Behind the Candelabra (2013) – Film Review

Behind the Candelabra

Translating Scott Thorson’s autobiographical memoir “Behind the Candelabra: My Life with Liberace” from 1988 to an on-screen production is a magical fit and with captivating performances from Michael Douglas and Matt Damon, its Hollywood rejection is all the more disappointing.

Liberace (Michael Douglas) enjoyed a glittering yet controversial career as his prodigal gift ‘tinkling the ivories’ propelled him across America from the fifties to the seventies and at his most prominent, he was the highest paid entertainer in the world. Nonetheless his fame was thwarted by his extrovert persona and the mystery concerning his sexual orientation as he entered into a secret 6 year long relationship with much younger lover Scott (Matt Damon).  The film explores their initially awkward romance and the transformational impact that ‘Lee’ has on Scott’s life with the aid of plastic surgeon Dr. Jack Startz (Rob Lowe), prescribing him diet pills and reconstructive facial surgery making Scott bizarrely resemble Liberace. Scott questions “wouldn’t it be weird looking in the mirror and not recognising myself?” until he is told by close friend Bob Black (Scott Bakula): “If Lee doesn’t get what he wants, you won’t be.” Further to his appearance and material demand, Damon expertly portrays Thorson’s whirlwind progression from an admiring fan to a indulged diva, an outlandish and overcome lover. His hesitant opening exchange of greetings with Bob over lucid slurs of Donna Summer’s “I Feel Love” in a hazy downtown bar, starkly contrast his eventual transition. Damon himself is ever increasingly making the right choices, furthering his repertoire in challenging, emotive roles and proving his versatility.

Douglas embraces the character of Liberace and embodies his mannerisms, affectations and enigmatic voice to perfection. Throughout the film he is seen to have a warm heart and despite the blatant distractions of fame and fortune, his only major flaw is his thirst for youthful romantic acceptance. There is humour in abundance from drunkenly vomiting in gay pornographic stores, to the baroque abnormality of their everyday lives which is sound tracked by twinkly piano music. Ornate set design and ostentatious costume epitomise the lavish tackiness of the superstar and his deliberate breakaway from the black suit and tie generation of entertainers before him. Production design is well complimented by a golden feel to the shots, symbolising not only his endless wealth, but harking back to a ‘golden era’. This cinematic choice is what one would imagine to be an example of HBO’s influence. Their compositional ingenuity in shows such as “True Detective” can be seen towards the film’s climax, as Scott reels with anger whilst taking cocaine as edgy angles supplement Damon’s restless upset.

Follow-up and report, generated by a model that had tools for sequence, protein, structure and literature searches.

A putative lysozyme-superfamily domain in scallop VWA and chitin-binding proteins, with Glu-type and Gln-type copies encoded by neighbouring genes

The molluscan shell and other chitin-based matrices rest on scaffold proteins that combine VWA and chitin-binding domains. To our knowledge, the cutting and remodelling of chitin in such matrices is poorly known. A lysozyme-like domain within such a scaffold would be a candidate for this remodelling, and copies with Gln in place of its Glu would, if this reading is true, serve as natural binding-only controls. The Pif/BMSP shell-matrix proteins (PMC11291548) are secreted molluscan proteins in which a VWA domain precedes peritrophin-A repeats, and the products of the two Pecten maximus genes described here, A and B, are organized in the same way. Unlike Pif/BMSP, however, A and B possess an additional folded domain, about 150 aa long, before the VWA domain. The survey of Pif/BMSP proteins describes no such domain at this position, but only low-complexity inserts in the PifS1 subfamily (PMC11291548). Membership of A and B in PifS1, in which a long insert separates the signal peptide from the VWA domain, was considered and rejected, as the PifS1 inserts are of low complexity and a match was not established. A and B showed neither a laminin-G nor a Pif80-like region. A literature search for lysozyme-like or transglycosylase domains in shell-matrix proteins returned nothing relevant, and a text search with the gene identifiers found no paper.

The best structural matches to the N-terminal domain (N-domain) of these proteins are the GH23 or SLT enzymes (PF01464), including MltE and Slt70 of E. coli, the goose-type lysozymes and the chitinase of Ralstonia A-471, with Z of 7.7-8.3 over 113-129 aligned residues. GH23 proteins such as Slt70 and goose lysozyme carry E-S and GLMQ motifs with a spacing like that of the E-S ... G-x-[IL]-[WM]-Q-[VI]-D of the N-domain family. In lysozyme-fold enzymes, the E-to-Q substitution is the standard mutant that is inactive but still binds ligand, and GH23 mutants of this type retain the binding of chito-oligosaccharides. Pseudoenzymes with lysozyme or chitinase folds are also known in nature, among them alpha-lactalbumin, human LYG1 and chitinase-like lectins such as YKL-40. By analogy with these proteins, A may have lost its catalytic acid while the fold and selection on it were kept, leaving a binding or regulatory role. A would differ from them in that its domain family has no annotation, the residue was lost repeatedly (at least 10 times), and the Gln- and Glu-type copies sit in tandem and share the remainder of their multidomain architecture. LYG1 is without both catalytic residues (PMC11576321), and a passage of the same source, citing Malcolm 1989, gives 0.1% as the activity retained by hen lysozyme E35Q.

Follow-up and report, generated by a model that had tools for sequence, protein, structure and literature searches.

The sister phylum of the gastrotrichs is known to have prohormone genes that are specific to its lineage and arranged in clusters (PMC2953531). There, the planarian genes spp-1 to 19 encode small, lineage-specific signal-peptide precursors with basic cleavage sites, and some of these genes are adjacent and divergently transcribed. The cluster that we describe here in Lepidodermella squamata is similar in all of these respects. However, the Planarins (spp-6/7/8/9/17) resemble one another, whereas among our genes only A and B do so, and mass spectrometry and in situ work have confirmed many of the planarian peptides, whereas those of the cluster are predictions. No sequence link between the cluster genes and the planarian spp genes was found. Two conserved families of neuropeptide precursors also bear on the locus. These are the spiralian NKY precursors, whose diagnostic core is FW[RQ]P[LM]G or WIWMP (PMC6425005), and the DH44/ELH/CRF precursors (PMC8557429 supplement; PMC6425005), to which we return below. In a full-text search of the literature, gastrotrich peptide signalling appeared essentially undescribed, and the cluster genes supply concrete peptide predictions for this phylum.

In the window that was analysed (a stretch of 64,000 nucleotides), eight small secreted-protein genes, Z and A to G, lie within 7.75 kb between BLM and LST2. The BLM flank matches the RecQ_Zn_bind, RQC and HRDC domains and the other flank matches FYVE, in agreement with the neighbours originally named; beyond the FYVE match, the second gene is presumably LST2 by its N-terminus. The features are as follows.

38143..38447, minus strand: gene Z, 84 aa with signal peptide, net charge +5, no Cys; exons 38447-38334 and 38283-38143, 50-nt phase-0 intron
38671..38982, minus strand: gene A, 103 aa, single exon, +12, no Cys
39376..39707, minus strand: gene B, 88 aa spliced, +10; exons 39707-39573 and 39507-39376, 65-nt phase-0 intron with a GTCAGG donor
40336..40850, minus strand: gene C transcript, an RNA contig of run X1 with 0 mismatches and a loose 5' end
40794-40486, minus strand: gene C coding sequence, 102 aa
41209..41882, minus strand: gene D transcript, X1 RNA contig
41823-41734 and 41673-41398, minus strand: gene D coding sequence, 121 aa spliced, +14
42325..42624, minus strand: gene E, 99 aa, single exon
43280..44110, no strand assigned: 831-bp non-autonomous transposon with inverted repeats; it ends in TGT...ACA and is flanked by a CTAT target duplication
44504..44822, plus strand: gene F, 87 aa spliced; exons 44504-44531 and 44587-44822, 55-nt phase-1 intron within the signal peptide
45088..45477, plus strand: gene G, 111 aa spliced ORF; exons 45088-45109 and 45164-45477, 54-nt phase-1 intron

Director Steven Soderbergh claimed the film was considered to be “too gay” by the Hollywood powers that be. In reality, it is not ‘that’ explicitly gay and the plain truth is unfortunately there is a limited demographic for a biopic on Liberace. Having said that, I really enjoyed the TV movie and I am glad that it received extensive television award recognition at the Emmys and Golden Globes. Hopefully this will soften the blow of the movie theatre snub.

IMDB Rating: 7.1

My Rating: 8

Max Hilton

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